MEDIA STATEMENT ISSUED JOINTLY BY THE SA HUMAN RIGHTS COMMISSION AND THE STUDIES IN POVERTY AND INEQUALITY INSTITUTE IN RESPONSE TO THE 2011 BUDGET
Date: Thursday, 24 February 2011
An analysis conducted by the South African Human Rights Commission (Commission) and the Studies in Poverty and Inequality Institute on the national Budget released yesterday, revealed that there is congruence between the intentions of the State of the Nation Address and the overall budget allocations.
Fundamental to the state’s realisation of its transformative mandate is its constitutional obligation to progressively realise economic and social rights. This obligation starts with access for the most vulnerable and then proceeds to full and universal realisation.
According to the Chief Executive Officer of the Commission, Mr Kayum Ahmed, “This budget provides for real increases for most of the critical socio-economic rights but we as a nation still have to grapple with undoing the structural nature of inequality in South Africa. The Commission believes that this budget suggests that this administration is committed in the long run to the realisation of its constitutional mandate. However, the Commission’s 7th Economic and Social Rights Report has shown that the realisation of rights has much to do with the capacity and comprehension of organs of state of their constitutional mandate as it has to do with budgetary allocations. As such, the Commission remains cautious about the budget.”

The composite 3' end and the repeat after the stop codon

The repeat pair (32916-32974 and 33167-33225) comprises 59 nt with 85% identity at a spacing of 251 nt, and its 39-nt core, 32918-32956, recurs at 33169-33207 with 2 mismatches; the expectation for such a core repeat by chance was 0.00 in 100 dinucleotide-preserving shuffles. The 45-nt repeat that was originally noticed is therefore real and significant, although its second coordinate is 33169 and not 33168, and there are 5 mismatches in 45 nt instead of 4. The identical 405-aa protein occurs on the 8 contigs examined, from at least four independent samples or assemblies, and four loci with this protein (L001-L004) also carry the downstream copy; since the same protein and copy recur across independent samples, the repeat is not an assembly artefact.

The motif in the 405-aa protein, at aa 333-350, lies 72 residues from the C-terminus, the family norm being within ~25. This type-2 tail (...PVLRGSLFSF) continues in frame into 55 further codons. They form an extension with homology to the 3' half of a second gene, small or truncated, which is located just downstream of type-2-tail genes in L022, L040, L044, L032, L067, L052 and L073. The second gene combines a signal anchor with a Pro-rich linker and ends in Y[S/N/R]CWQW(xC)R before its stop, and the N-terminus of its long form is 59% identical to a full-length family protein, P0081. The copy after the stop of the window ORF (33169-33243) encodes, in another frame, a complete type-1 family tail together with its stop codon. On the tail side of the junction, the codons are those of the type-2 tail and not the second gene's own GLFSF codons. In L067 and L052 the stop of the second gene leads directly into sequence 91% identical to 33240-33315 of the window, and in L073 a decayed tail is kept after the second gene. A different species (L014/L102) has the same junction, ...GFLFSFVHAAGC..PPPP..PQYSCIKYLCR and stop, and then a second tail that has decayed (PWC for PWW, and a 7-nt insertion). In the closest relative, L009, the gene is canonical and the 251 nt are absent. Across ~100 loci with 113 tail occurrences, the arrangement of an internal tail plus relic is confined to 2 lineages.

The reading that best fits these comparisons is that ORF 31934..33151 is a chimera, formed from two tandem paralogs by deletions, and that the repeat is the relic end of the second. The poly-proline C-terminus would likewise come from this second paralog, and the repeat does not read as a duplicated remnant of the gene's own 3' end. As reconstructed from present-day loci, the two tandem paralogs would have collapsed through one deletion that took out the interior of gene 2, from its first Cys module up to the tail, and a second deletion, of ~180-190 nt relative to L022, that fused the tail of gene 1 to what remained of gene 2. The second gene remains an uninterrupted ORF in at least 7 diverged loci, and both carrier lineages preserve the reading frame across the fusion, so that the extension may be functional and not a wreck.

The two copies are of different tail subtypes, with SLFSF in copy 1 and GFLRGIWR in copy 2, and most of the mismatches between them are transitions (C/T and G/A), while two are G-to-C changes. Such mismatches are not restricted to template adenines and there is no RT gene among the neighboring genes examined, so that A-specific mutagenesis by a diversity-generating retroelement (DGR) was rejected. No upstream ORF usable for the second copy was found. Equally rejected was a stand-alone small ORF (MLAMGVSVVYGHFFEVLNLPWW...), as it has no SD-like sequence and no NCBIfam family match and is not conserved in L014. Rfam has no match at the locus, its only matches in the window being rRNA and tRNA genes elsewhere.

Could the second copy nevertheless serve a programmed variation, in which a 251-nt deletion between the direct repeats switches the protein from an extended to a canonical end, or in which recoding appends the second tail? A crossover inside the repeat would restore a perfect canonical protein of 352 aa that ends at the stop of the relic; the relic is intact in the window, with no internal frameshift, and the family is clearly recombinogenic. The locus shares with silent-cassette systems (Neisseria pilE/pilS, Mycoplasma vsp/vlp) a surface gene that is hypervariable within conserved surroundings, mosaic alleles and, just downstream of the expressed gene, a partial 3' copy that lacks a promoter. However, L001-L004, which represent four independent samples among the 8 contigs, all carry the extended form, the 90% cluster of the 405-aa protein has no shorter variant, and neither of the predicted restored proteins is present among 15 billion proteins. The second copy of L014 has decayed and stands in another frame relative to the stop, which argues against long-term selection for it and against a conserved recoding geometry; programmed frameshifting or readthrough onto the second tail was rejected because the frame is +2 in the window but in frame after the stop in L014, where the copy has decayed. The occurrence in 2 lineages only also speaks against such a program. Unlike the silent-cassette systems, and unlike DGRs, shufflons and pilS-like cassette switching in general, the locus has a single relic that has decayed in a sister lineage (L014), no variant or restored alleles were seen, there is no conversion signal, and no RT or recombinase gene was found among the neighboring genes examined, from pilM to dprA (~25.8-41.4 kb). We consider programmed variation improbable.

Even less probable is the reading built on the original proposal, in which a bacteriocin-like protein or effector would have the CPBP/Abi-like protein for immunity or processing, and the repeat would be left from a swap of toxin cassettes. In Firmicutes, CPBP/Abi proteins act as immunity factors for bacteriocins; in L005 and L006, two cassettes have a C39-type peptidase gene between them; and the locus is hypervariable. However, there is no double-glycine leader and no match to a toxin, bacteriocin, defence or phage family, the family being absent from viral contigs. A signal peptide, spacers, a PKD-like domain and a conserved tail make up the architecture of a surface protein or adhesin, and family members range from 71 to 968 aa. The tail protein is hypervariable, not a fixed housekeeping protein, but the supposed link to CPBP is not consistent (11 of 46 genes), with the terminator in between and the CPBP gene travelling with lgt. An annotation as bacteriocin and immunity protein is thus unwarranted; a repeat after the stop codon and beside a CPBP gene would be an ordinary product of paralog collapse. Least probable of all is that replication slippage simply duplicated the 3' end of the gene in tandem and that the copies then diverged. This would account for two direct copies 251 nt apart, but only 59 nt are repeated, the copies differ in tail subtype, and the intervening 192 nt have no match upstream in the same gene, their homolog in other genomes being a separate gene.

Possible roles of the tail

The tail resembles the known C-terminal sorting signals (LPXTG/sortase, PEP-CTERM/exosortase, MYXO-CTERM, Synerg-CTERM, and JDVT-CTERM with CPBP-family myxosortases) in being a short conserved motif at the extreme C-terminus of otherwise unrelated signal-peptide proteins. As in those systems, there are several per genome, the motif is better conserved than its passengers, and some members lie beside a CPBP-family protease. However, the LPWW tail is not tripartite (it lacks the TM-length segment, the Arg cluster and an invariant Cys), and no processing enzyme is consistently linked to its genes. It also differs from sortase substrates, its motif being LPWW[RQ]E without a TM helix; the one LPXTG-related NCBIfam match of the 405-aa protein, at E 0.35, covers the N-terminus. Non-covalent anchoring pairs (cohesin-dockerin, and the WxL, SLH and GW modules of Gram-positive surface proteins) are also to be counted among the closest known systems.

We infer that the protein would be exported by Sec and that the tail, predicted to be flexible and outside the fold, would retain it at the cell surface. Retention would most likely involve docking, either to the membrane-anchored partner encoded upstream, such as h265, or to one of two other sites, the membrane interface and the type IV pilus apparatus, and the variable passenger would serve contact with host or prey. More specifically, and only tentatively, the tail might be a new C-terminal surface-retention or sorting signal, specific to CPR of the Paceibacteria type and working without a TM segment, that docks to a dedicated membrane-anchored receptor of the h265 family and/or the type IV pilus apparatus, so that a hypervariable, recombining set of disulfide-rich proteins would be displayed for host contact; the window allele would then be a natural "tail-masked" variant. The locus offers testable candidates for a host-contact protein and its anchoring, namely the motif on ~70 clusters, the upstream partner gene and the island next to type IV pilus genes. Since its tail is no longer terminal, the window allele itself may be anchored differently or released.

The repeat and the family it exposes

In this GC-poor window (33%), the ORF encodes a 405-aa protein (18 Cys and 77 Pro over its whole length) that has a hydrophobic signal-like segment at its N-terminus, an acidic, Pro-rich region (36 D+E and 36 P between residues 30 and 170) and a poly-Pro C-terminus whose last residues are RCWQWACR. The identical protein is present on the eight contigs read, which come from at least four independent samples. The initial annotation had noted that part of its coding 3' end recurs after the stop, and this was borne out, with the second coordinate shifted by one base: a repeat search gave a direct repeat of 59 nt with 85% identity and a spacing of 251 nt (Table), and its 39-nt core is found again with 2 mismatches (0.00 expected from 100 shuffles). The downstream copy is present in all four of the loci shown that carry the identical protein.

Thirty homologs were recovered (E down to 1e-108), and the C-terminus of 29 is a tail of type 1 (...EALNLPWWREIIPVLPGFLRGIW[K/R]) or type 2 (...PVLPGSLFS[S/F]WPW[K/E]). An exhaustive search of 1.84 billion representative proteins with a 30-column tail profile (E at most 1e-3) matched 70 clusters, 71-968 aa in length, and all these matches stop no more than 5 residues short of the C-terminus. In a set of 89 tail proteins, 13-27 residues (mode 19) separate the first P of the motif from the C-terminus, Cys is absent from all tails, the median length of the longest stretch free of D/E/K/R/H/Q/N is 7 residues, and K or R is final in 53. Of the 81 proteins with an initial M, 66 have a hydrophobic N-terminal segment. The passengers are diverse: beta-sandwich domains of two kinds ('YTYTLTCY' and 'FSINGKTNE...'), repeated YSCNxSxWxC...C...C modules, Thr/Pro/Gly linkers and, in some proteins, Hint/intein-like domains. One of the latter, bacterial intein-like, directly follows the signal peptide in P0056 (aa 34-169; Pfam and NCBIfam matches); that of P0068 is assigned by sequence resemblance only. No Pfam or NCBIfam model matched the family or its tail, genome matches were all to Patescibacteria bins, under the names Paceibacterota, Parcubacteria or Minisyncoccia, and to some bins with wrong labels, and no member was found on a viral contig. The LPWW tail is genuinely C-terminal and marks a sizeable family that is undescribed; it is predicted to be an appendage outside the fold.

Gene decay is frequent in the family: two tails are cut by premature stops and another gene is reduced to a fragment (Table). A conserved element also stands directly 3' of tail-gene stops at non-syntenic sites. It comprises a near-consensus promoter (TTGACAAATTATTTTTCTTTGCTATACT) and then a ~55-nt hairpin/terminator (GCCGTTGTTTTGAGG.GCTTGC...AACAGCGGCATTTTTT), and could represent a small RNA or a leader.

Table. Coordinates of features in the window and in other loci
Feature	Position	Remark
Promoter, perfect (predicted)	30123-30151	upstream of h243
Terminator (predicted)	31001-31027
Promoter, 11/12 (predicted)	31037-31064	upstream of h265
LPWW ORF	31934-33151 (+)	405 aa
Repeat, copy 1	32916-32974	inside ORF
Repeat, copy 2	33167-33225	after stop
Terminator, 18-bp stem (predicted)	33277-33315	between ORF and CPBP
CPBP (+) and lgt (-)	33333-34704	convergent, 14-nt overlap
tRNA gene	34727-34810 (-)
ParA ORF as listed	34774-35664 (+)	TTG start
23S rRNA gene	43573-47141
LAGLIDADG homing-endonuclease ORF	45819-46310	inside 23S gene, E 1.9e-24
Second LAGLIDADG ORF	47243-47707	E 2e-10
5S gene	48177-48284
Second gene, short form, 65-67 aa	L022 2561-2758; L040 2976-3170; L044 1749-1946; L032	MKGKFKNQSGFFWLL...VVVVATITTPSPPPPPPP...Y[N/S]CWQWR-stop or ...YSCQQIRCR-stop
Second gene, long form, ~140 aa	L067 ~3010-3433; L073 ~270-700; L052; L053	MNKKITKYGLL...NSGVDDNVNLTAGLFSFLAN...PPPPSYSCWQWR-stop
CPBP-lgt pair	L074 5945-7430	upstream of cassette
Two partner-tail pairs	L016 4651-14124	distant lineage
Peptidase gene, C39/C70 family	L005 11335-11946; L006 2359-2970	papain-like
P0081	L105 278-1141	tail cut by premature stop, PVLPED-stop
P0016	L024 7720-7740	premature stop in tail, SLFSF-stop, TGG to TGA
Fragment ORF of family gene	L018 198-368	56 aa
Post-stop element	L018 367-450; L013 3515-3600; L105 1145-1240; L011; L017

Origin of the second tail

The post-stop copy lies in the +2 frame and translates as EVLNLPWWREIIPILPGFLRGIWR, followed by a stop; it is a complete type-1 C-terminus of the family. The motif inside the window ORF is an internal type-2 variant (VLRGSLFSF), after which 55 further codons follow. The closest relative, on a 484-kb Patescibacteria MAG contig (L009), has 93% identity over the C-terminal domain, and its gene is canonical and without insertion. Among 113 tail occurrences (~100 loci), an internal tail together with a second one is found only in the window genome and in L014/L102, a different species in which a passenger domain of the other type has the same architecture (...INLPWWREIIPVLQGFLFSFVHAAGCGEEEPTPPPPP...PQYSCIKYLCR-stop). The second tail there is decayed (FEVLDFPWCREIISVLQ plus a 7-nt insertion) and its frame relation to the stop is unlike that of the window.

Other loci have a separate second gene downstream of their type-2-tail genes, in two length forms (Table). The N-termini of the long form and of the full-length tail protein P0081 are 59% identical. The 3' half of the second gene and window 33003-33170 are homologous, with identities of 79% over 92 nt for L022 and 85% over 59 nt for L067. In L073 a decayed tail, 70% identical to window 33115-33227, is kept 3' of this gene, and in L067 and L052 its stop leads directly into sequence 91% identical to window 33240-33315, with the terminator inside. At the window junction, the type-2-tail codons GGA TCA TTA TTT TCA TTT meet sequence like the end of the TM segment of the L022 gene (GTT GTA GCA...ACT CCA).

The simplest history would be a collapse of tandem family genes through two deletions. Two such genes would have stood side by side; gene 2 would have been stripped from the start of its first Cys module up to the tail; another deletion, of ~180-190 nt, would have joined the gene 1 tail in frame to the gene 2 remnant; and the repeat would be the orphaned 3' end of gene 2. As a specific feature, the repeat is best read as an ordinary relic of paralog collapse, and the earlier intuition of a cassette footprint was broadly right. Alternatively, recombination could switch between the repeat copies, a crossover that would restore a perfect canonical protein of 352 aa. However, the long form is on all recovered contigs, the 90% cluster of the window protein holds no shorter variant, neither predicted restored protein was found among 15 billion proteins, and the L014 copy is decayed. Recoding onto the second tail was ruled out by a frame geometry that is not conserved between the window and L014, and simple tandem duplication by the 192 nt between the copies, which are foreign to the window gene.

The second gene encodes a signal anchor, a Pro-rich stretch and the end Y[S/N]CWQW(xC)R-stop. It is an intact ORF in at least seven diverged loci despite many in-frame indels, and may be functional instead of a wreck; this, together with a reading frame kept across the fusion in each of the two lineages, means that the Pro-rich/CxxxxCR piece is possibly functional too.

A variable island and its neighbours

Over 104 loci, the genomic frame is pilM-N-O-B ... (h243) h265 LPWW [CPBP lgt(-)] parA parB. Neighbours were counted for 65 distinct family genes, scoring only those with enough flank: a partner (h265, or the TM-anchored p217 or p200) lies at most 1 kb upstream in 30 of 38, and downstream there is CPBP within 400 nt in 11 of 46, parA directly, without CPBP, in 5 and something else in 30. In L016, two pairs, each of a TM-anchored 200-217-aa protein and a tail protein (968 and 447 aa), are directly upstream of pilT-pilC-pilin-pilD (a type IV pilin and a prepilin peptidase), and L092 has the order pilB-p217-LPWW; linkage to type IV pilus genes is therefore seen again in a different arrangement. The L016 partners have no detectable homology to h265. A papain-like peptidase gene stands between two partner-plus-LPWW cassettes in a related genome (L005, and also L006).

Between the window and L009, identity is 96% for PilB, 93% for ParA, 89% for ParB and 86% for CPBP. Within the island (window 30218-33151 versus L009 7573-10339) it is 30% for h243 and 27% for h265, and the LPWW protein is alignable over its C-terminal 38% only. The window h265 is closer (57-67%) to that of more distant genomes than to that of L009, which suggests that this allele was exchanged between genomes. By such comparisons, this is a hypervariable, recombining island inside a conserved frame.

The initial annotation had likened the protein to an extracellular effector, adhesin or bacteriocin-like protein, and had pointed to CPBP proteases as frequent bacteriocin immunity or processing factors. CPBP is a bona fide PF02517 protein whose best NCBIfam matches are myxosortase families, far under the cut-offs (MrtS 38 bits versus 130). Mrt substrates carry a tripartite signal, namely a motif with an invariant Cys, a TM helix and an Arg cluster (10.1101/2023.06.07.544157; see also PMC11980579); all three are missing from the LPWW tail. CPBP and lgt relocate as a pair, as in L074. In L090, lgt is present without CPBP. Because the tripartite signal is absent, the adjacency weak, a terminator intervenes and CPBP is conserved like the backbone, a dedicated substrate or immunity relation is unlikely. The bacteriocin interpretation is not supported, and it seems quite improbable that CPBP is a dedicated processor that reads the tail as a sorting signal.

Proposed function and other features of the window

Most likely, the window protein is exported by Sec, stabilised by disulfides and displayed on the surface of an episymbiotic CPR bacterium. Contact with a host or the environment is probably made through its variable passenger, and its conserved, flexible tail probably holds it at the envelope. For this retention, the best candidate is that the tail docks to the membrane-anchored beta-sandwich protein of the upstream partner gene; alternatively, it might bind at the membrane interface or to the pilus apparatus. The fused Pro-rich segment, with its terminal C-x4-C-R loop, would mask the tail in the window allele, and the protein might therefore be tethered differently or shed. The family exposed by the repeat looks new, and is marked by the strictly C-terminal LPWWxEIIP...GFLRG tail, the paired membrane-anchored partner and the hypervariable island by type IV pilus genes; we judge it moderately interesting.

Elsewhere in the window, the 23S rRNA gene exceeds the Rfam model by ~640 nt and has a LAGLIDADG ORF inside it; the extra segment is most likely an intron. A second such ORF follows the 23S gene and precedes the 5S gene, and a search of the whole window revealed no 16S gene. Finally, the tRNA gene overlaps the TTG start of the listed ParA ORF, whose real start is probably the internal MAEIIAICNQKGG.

Isobel Frye, director of SPII, a not for profit research and policy analysis institute said: “We agree with the position of the Commission in general. The budget sets out how the state seeks to provide a social wage on which to build a developmental state. Our concern, however, lies in the modalities for people to enter into productive economic activities. The state has been consistent in its refusal to introduce social assistance to support the roughly 5 million unemployed, and the economy appears to be equally consistent in its inability to support their efforts to become economically active. Working out ways to undo the drivers of economic exclusion is required before the economic liberation, referred to by Minister in his speech, can be won.”
Over the next two weeks, the Commission and SPII will continue to monitor and provide an analysis of the various departmental budget votes.
The Commission and SPII will make the analysis available to the media and it will also be placed on the Commission's website.
For further information, please contact:
Vincent Moaga, South African Human Rights Commission, 073 562 9866.
Isobel Frye or Stephanie Brockerhoff, Studies in Poverty and Inequality Institute, 011 8330161.
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